EghtesadOnline: Germany and France said they are working on financing solutions to sidestep US sanctions against countries such as Iran, including a possible role for central banks.
The discussions, which also involve the UK, indicate that European powers are getting serious about demonstrating a greater level of independence, as their frustration at mollifying US President Donald Trump hell-bent on pushing his “America First” agenda has given rise to widespread anger.
“With Germany, we are determined to work on an independent European or Franco-German financing tool which would allow us to avoid being the collateral victims of US extraterritorial sanctions,” French Finance Minister Bruno Le Maire said on Monday during a meeting with the press association AJEF, according to Financial Tribune.
“I want Europe to be a sovereign continent not a vassal, and that means having totally independent financing instruments that do not today exist.”
Trump reimposed the sanctions after pulling the US out of the Iran nuclear accord in May, despite opposition from NATO allies and China and Russia. European companies, including Daimler AG and Total SA, have halted activity or backtracked on investment plans to avoid US punishment but France, Germany and their European Union partners want business with the Islamic Republic to continue.
The US is targeting Iranian oil exports as it pushes demands for the government in Tehran to stop supporting terrorism and halt its ballistic-missile program.
President Hassan Rouhani has said the US needs to ease sanctions before he would agree to any talks.
German Foreign Minister Heiko Maas also weighed in on Monday, saying the EU is working to protect economic ties with Iran and keep payment channels open. Maas reiterated a proposal to make international payments systems like SWIFT independent of the US.
Le Maire said that using the European Investment Bank, which has exposure to the US, as a “financial channel” would be “very complicated” and that the French and German governments are talking to their respective central banks about their involvement.
“If we want to build a truly independent instrument, we must open up all the options,” he said.
Maas said that while most of the “very difficult questions on the details” of any payments system are unresolved, at least the alternative of a nuclear escalation in the Middle East has so far been avoided.
Apart from the US sanctions against Iran, action taken against China, Russia and Turkey will also damage European business, he added.
“We have to react and strengthen Europe’s autonomy and sovereignty in trade, economic and finance policy,” Maas said in a speech in Berlin.
Canadian Foreign Minister Chrystia Freeland also spoke at the event and said that her nation shares the goal of preserving a multilateral world order.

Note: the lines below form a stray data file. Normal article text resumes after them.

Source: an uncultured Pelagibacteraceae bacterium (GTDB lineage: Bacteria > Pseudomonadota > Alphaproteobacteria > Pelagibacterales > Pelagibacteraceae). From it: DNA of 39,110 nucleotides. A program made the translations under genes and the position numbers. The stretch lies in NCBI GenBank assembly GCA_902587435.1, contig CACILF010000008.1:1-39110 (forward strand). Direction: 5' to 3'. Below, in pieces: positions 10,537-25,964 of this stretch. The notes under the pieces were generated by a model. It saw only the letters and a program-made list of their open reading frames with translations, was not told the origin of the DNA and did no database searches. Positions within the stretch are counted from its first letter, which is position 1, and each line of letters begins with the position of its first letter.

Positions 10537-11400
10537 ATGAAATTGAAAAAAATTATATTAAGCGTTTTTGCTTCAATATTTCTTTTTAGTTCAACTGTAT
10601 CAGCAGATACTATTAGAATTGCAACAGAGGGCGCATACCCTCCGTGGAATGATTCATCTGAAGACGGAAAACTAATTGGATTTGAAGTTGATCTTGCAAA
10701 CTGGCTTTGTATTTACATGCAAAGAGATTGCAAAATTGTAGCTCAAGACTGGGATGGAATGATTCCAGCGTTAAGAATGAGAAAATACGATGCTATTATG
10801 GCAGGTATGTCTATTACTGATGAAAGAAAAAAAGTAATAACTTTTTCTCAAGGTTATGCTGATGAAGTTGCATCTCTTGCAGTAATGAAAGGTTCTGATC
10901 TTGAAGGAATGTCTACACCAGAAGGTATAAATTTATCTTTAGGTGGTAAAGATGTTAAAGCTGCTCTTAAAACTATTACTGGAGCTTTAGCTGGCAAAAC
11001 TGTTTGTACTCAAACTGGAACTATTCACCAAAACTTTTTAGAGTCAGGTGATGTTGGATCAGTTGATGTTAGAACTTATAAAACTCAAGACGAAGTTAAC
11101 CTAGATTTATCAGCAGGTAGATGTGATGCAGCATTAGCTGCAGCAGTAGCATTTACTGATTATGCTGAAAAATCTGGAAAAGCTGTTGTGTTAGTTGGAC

Le Maire is due to meet German counterpart Olaf Scholz in Paris on Wednesday.
SWIFT, which is short for the Society for Worldwide Interbank Financial Telecommunications, is the financial network that provides high-value cross-border transfers for members across the world.
It is based in Belgium, but its board includes executives from US banks with US federal law allowing the administration to act against banks and regulators across the globe. It supports most interbank messages, connecting over 11,000 financial institutions in more than 200 countries and territories.
In May, the Russian Central Bank’s governor, Elvira Nabiullina, said the country had created a national system for money transfers that could protect its banking from a potential cutoff from SWIFT transfer services.
The step was triggered by the seemingly endless anti-Russia penalties introduced by Washington since 2014 for various reasons, including the reunification with Crimea, alleged involvement in the military conflict in eastern Ukraine, alleged US election meddling and the alleged poisoning of former double-agent Sergei Skripal in the UK.
An opinion piece in Bloomberg last week said the German foreign minister’s plan would not be impossible to put in practice and that banks without any US exposure exist and, under certain conditions, can even grow.
The German minister’s call for a “balanced trans-Atlantic partnership,” first published in the German business daily Handelsblatt, is not focused on the economy alone, it said.
“That the Atlantic has grown wider politically is by no means just because of Donald Trump,” Maas wrote. “The US and Europe have been drifting apart for years. The overlap in values and interests that has shaped our relationship for two generations is growing smaller.”
Maas declared that Europe should seek a new type of relationship, in which the bloc remains a partner with the US but serves as a counterbalance when "the US oversteps redlines”.